The target search phase slewed the telescope in a spiral search pattern. At each dwell point, the flux in the aperture was measured. All targets were first acquired using the LSA because the SSA is so small. (Note, however, that the SSA ACQ/PEAKUP algorithm is the same as that used for the LSA Return-to-Brightest (RTB) target search.) The target is assumed to be somewhere within the LSA 3 x 3 (or 5 x 5) spiral search pattern. The separation between dwell points during the LSA search was 1.52 arcsec on the sky (for an SSA ACQ/PEAKUP 5 x 5 spiral search, the separation was 0.052 arcsec). Figure 35.6 displays normal LSA 3 x 3 and SSA 5 x 5 spiral search patterns (from OMS jitter files). The spiral searches are plotted in V2,V3 space.
Most LSA acquisitions from mid-1993 on specified the BRIGHT=RETURN (RTB) option. This feature automatically returned the spacecraft pointing to the dwell position with the highest total counts. Since a 32-bit onboard register was used to store and compare the measured counts, overflow was not a problem. Alternatively, BRIGHT and FAINT limits may have been specified for the spiral search. For this case, a 16-bit register was used to store the measured counts and wrapping of the counter could result if a diode exceeded about 65,000 counts. The spacecraft pointing stopped at the first dwell position that had a flux between the selected limits. If no dwell position was found to meet the requirements, the spacecraft pointing remained at the last position.
The flux was summed over the eight target acquisition diodes after the completion of the locate phase (and any additional peakups); this value was written into the keyword ZFLUXM, available in the Unique Data Log (.udl or .ulh) and the target acquisition science header, if one was generated. Executing the following IRAF command returns the flux value:
cl> hsel z2il0102t.ulh $I,zfluxm yes
Figure 35.7 shows examples of contour plots for two LSA ACQ .d1h/.d1d pseudo-images. The target was found at the first dwell position for the first example, while for the second example, the target was found at dwell position 6. For both examples, the spacecraft pointing was returned to the dwell position with the maximum flux.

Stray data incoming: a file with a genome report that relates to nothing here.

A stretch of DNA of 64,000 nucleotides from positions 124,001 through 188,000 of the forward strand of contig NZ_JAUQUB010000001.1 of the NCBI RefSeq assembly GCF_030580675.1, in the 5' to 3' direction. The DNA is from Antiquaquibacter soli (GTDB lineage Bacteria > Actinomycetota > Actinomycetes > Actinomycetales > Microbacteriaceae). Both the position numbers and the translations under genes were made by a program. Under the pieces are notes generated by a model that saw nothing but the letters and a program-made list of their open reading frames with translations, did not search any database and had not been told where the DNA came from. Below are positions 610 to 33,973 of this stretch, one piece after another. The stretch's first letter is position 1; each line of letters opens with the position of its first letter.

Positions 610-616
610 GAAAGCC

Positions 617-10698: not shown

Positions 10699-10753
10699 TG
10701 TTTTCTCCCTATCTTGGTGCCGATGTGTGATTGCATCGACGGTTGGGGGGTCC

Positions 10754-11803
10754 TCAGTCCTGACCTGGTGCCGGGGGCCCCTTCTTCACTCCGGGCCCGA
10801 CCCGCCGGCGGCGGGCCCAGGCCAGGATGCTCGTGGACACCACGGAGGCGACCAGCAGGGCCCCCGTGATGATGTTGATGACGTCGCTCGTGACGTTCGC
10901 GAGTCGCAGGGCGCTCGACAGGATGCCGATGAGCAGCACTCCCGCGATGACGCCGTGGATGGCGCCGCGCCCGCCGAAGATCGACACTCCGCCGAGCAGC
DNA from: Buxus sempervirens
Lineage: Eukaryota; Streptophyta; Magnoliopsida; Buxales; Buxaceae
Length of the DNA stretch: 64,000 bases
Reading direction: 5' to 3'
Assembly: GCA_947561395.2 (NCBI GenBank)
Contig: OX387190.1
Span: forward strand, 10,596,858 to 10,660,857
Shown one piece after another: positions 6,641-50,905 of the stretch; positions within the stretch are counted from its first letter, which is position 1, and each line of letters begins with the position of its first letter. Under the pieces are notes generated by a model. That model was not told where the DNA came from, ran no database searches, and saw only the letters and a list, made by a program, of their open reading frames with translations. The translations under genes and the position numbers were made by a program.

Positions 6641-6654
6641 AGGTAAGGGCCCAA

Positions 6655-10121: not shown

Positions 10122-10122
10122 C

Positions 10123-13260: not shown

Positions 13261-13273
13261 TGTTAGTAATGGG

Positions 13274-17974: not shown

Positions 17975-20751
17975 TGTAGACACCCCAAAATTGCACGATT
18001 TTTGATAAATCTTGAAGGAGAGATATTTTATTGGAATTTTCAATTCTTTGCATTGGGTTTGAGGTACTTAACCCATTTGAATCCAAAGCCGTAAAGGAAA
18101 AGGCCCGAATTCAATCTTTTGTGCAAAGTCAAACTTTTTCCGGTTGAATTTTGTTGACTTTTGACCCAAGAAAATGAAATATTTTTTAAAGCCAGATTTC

During the spiral search, the telescope slews were parallel to the GHRS x and y detector coordinates. The first slew in the sequence is in the positive x direction. The next slew is in the negative y direction, followed by a slew in the negative x direction. All subsequent slews are performed to complete the spiral pattern. Figure 35.6 displays the spiral search geometry and the corresponding detected counts at each dwell position for the two LSA ACQs presented in Figure 35.7. Figure 35.8 displays two examples of the SSA 5 x 5 spiral search. The upper search pattern found the target (a Cepheid binary star) at dwell position 1. The lower search pattern found the target (a B0-B2III-I star) on the edge of the spiral pattern at position 19. The spectra for this program were fine, indicating the target was found and subsequently moved to the center of the aperture.
35.5.3 OMS Products and Guiding
The guide stars used for pointing control during an observation can be found in the Observatory Management System (OMS) observation log header and in the SHP (.shd/.shh) header file. The OMS data header file (.cmh or .jih) contains information about the observation. The header is divided into groups of keywords that deal with a particular topic (e.g., spacecraft data, background light, pointing control data, line of sight jitter summary). A more complete description of OMS products can be found in Appendix C of Volume I.
cl> hsel z2il0102j.cmh $I guideact yesYou can check the OMS header keywords to verify that the guiding mode was the one requested. Archive users should check the guiding mode to verify that no changes occurred during the observation. If you suspect that a target rolled out of the aperture during an exposure, you can check the counts in each group of the raw science data.
z2il0102j.cmh "FINE LOCK"
A "type 51" slew was used to track moving targets (planets, satellites, asteroids, comets). Observations were scheduled with FINE LOCK acquisition, i.e., with two or one guide star. Usually, a guide star pair stayed within the pickle during the entire set of observations (obset), but if two guide stars were not available, a single guide star may have been used. This assumes the drift was small or perhaps that the observer stated the roll was not important for the program. An option during scheduling was to drop from FGS control to GYRO control when the guide stars moved out of the pickle. Guide star handoffs (which are not a simple dropping of the guide stars to GYRO control) could affect the guiding and may be noticeable when the jitter ball (V3 vs. V2) is plotted.
On January 19, 1996, there was a failure in tape recorder #2. This recorder had been used for recording engineering data for subsequent playback to the ground. The failure was permanent, causing engineering data to be obtained only during real-time TDRSS availability (typically 80% or so during each orbit). Consequently, there are gaps in the engineering data and gaps in the OMS products.
For example, plotting "v2_dom" versus "v3_dom" will generate a plot that looks like a ball of string, which is why it is sometimes called the jitter ball. The same plot for a target acquisition will display the spiral search and locate phase that occurred. See fifth page of paper product example.